Project Management Articles > Alan S. Koch

Alan S. Koch

Alan S. Koch Alan S. Koch, PMP is a speaker and writer on effective Project Management methods. He is a certified Project Management Professional and President of ASK Process, Inc., a training and consulting company that helps companies to improve the return on their software investment by focusing on the quality of both their software products and the processes they use to development them. His 28 years in software development include 14 years designing, developing and maintaining software and over 13 years in quality assurance and software process improvement. He was with the Software Engineering Institute (SEI) at Carnegie Mellon University (CMU) for 13 years, where he became familiar with the Capability Maturity Model (CMM), earned the authorization to teach the Personal Software Process (PSP), and worked with Watts Humphrey in pilot testing the Team Software Process (TSP).

Among Mr. Koch's credits are Agile Software Development: Evaluating the Methods for your Organization (Artech House: 2005) and "TSP can be the Building Blocks for CMMI," (Crosstalk Magazine, March 2005). He has consulted with a variety of software organizations in their process improvement programs. Hundreds of professionals in numerous organizations and government agencies have taken his classes on project management, process improvement, and software quality and responded with high praise for his training. Mr. Koch also contributed to the accomplishment of several successful CMM-Based SPI efforts, and was a team member on several CMM assessments and CMMI appraisals. He has presented at numerous recent software quality and process conferences, taught as an adjunct professor of Computer Science, and has mentored students in CMU's Master of Software Engineering (MSE) Program.

Mr. Koch is a Senior Member of IEEE, an SEI-authorized PSP Instructor and TSP Coach candidate, an SEI Transition Partner for the PSP and TSP, and a member of the board of the National Speakers Association, Pittsburgh Chapter.

 Beware of Shiny New Tools!
There are scads of cool DevOps tools out there, but practice makes perfect.
DevOps maturity does require a good toolset, but DevOps is much, much more than just implementing tools. Read more ...

Archived articles -- Accessible to All

How Does DevOps Work in Large IT Departments?
DevOps can work in large organizations too, but they will have different challenges.
It's tempting to talk about DevOps like it's a magical cookbook of utopian solutions. Of course, that's not true — and when we're dealing with the large enterprise world most of us live in, it's especially not true. Read more ...

DevOps In Action: Ops on Dev Teams
Building great products is one thing. Deploying them is another. Ops can help.
There is no central authority and no DevOps standard. There is no single "right way" to go down the DevOps road. Read more ...

Automated Testing - DevOps Enabler
Automate everything you can, but not necessarily everything
"Automate everything you can." This DevOps principle propels automated testing into a primary enabling position for any organization that embarks on a DevOps journey. No longer an option. No longer something we should do. Read more ...

What DevOps Is and Is Not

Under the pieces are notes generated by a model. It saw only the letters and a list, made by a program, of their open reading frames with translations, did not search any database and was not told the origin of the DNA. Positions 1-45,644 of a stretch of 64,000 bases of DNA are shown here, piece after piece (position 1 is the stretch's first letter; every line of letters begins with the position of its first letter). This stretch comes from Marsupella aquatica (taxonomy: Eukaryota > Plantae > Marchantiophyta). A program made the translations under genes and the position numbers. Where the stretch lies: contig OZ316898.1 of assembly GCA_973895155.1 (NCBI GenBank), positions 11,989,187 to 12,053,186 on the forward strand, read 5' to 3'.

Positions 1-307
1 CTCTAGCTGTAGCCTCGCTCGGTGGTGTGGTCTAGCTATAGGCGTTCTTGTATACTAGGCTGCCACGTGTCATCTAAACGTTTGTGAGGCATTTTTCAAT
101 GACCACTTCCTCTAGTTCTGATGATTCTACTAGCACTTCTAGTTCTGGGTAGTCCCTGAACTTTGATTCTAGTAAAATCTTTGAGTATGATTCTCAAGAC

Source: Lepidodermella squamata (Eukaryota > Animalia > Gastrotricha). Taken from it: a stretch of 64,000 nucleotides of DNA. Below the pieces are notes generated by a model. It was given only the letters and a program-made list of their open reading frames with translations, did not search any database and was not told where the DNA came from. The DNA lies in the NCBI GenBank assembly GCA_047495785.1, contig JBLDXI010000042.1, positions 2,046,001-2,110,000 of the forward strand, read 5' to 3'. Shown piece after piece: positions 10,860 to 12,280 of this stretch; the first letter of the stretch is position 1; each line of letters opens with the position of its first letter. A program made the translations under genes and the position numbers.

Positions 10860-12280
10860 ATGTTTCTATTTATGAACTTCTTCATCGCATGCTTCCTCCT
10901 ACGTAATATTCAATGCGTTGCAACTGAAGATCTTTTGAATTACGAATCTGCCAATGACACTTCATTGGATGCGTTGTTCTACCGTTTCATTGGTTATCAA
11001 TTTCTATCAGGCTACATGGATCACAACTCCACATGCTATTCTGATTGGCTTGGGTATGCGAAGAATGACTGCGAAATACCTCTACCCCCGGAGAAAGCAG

DevOps can be difficult to define. Alan Koch provides a valuable introduction, and explains why you should automate everything you possibly can.
There is no central authority and no DevOps standard. There is no single "right way" to go down the DevOps road. Read more ...

Taming the Wild Business Rule
How do you find business rules important to your project if no one knows what they are, or where they are, or even what you're talking about? Elicitation, baby!
Business rules can be a source or cause of requirements for your project. For example, a Business Rule may specify how the system or the business process must do certain things. Or some of the steps in the business process or functionality of the system must enforce some particular rules. Read more ...

Role of the Business Analyst in User Acceptance Testing
Testing isn't over when your QC team signs off on defects, it's just getting started.
User Acceptance Testing (UAT) provides an important check to be sure that the business needs have been fully and correctly met, and that they have been met in a way that is acceptable to the business and the users. Participation in UAT provides the BA with a significant opportunity to ensure that the solution provides precisely what the business needs. Read more ...

When Agile Developers Test Well
Lip service is sometimes given to the idea that testing starts in development. But what does that mean for productivity?
Today we think of productivity as writing lots of code. Testing is a different activity that involves someone else's productivity. Read more ...

Role of the BA in User Acceptance Testing
Business analysis is an invaluable resource for truly insightful User Acceptance Testing.
Participation in UAT provides the BA with a significant opportunity to ensure that the solution provides precisely what the business needs. Read more ...

Agile Teams Need Generalizing Specialists
In a methodology that demands every team member be able to do every task, how do specialists fit in?
Can we achieve the Agile ideal of full and open collaboration when our team members are not generalists? Is there a place for specialists on Agile teams? Read more ...

Is the Agile Manifesto Dangerous?
When a colleague takes a stand against the "danger" posed by the Agile Manifesto to young software engineers, Alan Koch responds -- decisively.
Magdy, everything you write about Agile methods is true. Many people abuse the concepts, misunderstand their responsibilities, and end up hacking rather than engineering software. Read more ...

Agile Testing: Technical Excellence